A report published by the World Economic Forum (WEF) has called for the retirement age in financially stable countries to rise to ‘at least 70’ by 2050, in line with increases in life expectancy.
The report revealed that babies born in 2017 can expect to live to at least 100 years old. As a result, it suggested that individuals in nations such as the UK, US, Canada and Japan may have to work until at least age 70. The UK state pension age is already set to rise from age 65 in 2018 to 68 by 2046.
Policymakers have been urged to consider a handful of key strategies in order to help alleviate the situation. Governments should encourage individuals to save regularly within savings products, and should also review their national retirement age.
The WEF also called for education systems to teach financial literacy.
Michael Drexler, Head of Financial and Infrastructure Systems at the WEF, commented: ‘The anticipated increase in longevity and resulting ageing populations is the financial equivalent of climate change.
‘We must address it now or accept that its adverse consequences will haunt future generations, putting an impossible strain on our children and grandchildren.’
Figures published by Financial Fraud Action UK (FFA UK) have revealed a significant rise in the amount of money stolen from contactless bank cards and mobile devices.
Contactless spending rose from £7.75 billion in 2015 to £25.2 billion in 2016. The data revealed that nearly £7 million was stolen in 2016, compared to £2.8 million in 2015.
However, FFA UK also stated that fraud on contactless cards and mobile devices equated to just 1.1% of total card fraud.
In order to combat contactless card fraud, consumers have been urged to never hand over their card at the point of payment, always ask for a receipt when purchasing goods and review financial statements regularly to check for unusual transactions.
Richard Koch, Head of Policy at the UK Cards Association, said: ‘All contactless cards contain robust security features including an in-built security check which triggers the need to enter a PIN at certain points.
‘Customers are fully protected against any losses and will never be left out of pocket in the unlikely event they are the victim of this type of fraud, unlike if they lose cash.’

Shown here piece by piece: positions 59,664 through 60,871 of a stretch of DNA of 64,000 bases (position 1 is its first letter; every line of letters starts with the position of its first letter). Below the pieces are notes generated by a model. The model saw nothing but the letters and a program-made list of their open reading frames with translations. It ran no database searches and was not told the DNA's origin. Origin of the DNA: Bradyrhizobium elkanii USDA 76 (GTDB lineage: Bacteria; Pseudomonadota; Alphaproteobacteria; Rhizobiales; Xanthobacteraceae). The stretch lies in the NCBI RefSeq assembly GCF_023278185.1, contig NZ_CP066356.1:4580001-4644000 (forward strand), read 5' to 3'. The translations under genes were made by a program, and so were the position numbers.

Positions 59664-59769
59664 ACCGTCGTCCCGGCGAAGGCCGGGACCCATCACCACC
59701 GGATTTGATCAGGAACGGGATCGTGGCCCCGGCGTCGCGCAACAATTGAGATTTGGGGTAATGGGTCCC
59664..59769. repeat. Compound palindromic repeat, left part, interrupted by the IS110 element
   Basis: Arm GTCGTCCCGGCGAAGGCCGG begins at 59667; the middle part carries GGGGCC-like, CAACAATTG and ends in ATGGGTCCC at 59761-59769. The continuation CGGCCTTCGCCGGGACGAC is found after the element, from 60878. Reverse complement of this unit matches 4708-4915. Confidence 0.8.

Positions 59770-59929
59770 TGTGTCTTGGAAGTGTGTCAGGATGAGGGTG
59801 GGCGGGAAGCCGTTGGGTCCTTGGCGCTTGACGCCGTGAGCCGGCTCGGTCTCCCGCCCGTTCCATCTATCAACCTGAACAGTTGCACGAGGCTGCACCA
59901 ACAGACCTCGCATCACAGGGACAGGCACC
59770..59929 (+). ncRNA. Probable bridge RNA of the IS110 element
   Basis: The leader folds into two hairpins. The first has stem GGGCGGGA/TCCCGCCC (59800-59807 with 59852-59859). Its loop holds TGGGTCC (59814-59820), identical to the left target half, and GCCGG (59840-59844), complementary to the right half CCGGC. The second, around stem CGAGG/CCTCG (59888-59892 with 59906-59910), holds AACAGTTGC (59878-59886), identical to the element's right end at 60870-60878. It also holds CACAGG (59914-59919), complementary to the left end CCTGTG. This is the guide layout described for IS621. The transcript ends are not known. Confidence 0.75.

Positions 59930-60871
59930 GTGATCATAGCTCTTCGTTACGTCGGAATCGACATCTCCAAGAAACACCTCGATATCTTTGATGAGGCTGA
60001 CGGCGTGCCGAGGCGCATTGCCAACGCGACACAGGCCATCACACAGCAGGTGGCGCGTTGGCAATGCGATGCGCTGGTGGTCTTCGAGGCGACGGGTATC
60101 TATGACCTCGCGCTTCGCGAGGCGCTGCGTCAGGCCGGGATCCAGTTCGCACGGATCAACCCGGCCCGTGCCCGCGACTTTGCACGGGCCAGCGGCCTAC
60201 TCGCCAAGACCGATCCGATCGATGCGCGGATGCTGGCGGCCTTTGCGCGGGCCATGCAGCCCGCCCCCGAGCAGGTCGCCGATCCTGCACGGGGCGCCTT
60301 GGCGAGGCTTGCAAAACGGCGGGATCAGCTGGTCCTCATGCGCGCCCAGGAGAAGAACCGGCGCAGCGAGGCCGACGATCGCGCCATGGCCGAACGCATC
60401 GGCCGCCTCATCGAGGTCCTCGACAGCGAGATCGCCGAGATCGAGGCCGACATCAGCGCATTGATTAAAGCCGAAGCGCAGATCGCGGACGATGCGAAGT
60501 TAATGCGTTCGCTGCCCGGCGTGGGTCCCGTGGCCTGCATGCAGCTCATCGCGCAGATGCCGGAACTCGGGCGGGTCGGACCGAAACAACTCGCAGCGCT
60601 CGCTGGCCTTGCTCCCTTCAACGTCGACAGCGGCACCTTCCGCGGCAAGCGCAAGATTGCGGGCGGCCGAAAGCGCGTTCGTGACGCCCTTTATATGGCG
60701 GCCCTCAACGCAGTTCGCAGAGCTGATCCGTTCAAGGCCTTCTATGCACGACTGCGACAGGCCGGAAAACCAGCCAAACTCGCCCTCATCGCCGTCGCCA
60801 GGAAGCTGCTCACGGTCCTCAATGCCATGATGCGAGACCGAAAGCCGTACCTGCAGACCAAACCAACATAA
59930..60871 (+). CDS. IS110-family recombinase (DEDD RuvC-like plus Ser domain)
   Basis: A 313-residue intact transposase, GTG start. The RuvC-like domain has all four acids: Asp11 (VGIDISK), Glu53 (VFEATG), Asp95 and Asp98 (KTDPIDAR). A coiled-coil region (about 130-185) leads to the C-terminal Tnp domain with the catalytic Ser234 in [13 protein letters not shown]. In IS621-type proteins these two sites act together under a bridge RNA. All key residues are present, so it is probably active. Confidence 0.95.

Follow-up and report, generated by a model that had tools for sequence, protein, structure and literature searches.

The British Chambers of Commerce (BCC) has urged UK businesses to prepare for the implementation of new data protection regulations.
Starting from 25 May 2018, businesses that hold personal information will be required to ensure that their data procedures are adequate and that these comply with the new General Data Protection Regulation.
The BCC has recommended that businesses make a record of what personal data the firm holds, where it came from and who it has been shared with.
It also urged firms to review how the company ‘seeks, obtains and records consent from individuals’, ensure that appropriate procedures are in place to detect a breach in personal data and determine whether the business requires a Data Protection Officer.
David Riches, Executive Director at the BCC, commented: ‘Businesses need to be proactive about ensuring they are ready for the new data protection regulations when they come into force this time next year, and not leave preparations until the eleventh hour.
‘Those firms that don’t fulfil the necessary responsibilities leave themselves vulnerable to tough penalties, not to mention public scrutiny.
‘The General Data Protection Regulation is intended to reflect modern working practices in the digital age, and will strengthen consumer trust and confidence in businesses.’
An analysis published by the Trades Union Congress (TUC) has suggested that unsecured debt per UK household will reach a record high of £13,900 over the course of this year.
Unsecured household debt is set to exceed £15,000 before the end of the next Parliament, the analysis also revealed.
The rise in household debt may be attributed to stunted wage growth, and reflects the UK’s ‘ongoing living standards crisis,’ said the TUC. It also found that wages in the UK are currently worth £20 per week less than before the financial crisis.
The business group is urging the next government to act urgently to deliver higher wages for UK workers.